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FEMA issues new version of elevation certificate
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Wendy Lathrop, a NSPS Past President, served as the representative for ACSM/NSPS on FEMA's Technical Mapping Advisory Council for many years, and has expressed interest in again representing NSPS on the soon to be reinstated TMAC.

She has provided the information below for the benefit of our readers:

The latest version of the Elevation Certificate has finally been issued in its entirety (having first been posted Nov. 12 with missing pages). The FEMA library states that there will be a 12-month phase-in of the revised form, with that transition period beginning Aug. 1, 2012 (the date stamped on the form, not when it was released to the public). The new form must be used after July 31, 2013.

In general, the form does not change substance, and primarily tweaks language. The font is, however, smaller as a result of adding spaces and words in various places (including a typographical error of a repeated paragraph both before and after the header for instructions regarding Section F). Those with aging eyes had better clean off their glasses, squint or reset the zoom level on their computer screens.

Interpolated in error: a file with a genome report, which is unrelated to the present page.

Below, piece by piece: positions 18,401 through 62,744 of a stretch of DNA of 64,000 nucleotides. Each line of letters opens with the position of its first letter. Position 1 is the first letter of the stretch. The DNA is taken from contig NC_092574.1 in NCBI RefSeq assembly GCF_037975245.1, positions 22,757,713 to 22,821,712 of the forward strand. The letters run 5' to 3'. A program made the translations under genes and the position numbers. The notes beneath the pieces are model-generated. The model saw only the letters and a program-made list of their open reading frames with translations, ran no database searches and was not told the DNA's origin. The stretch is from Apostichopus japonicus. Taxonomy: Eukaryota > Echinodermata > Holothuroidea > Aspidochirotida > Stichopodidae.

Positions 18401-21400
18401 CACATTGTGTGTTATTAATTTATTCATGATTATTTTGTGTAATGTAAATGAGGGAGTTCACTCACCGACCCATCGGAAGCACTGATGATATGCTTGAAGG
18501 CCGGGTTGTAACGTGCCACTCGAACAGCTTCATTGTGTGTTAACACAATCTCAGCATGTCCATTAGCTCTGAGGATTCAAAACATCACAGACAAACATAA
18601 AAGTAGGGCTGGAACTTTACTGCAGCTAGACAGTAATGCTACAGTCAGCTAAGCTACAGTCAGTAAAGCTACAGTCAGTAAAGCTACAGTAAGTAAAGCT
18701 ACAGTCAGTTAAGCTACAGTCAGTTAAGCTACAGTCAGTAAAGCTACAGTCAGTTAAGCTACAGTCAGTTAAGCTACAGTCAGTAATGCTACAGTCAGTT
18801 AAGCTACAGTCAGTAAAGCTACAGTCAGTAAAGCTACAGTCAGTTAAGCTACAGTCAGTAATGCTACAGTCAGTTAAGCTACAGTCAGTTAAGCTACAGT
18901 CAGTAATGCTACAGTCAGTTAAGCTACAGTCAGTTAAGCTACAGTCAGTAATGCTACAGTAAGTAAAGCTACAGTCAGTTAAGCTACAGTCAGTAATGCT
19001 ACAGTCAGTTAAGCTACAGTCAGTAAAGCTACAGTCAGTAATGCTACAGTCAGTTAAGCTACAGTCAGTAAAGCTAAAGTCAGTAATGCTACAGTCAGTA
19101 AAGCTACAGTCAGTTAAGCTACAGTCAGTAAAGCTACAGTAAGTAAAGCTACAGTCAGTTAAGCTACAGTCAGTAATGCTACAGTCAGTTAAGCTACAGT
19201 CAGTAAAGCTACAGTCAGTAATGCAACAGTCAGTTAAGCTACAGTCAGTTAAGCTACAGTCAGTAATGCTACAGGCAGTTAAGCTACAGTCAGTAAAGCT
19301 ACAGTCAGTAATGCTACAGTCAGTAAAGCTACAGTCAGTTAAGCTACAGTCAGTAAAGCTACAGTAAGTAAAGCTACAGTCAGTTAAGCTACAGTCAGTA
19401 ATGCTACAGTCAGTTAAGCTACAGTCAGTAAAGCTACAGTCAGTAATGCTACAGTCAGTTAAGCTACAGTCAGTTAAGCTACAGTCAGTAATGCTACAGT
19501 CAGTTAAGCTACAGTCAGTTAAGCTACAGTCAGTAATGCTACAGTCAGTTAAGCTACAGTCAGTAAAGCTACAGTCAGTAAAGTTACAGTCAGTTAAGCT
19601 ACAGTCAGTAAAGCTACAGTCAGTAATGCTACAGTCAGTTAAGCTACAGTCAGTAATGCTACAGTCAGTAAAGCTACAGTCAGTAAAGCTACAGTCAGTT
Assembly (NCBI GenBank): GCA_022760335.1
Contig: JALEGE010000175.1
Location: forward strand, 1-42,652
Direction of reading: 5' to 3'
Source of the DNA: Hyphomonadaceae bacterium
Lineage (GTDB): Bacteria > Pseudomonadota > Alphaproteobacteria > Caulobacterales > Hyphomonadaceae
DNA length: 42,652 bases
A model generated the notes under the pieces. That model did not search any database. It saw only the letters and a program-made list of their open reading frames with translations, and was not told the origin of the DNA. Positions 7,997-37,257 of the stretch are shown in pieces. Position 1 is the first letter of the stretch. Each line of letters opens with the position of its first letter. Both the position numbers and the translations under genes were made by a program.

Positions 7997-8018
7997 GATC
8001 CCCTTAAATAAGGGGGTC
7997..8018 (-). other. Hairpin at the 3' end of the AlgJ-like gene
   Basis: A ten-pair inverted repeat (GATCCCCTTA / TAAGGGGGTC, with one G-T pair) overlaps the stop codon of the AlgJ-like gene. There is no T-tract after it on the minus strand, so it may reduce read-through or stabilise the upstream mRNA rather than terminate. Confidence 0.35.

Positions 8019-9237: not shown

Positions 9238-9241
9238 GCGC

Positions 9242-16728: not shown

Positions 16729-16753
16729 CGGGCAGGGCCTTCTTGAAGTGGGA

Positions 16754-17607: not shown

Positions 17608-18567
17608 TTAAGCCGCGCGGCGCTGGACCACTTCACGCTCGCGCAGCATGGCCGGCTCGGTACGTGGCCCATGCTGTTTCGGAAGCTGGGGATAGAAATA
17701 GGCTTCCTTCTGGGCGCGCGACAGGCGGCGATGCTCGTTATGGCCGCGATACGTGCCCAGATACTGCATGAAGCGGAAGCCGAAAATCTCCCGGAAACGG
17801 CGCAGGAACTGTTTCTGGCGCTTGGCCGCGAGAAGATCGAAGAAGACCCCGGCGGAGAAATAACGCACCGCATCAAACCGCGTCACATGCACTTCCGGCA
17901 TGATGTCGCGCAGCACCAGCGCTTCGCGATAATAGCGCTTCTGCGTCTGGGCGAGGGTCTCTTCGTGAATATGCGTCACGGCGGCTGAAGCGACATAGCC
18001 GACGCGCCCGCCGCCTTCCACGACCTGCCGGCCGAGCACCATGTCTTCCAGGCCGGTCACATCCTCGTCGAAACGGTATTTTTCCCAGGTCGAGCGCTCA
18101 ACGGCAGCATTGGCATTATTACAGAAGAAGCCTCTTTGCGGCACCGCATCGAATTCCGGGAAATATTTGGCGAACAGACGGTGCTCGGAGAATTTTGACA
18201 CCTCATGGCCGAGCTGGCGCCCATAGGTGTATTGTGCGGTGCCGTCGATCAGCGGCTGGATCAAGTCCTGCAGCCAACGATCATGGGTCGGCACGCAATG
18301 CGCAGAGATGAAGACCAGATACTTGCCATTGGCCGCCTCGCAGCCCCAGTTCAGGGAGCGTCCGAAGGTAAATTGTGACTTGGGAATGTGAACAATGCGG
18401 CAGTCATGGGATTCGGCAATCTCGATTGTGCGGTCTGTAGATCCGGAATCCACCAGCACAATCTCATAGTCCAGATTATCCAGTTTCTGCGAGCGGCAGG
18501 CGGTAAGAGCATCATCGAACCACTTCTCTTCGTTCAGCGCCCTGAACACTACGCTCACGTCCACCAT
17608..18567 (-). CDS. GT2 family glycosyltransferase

In many places, the tweaks involve using numerals instead of spelled out numbers. When referring to the distance between the bottom of flood openings and lowest adjacent grade, however, the designation of "1.0 foot" rather than "one foot" should make it clearer to those who would like to push the limits of significant figures.

A brief summary of the new form:
  • A Privacy Act Statement has been added to the introductory page after the cover page and before the form itself.
  • Sections A and B remain unchanged.
  • C2 removes "conversion/comments" and adds check boxes for the datum, also adding a note about only reporting in meters if in Puerto Rico.
  • Section D moves the check box for attachments to the front of the form rather than the back.
  • Section E changes spacing for easier reading (also makes E2 easier to understand)
  • Section F remains unchanged.
  • Section G again adds a note about only reporting in meters if in Puerto Rico.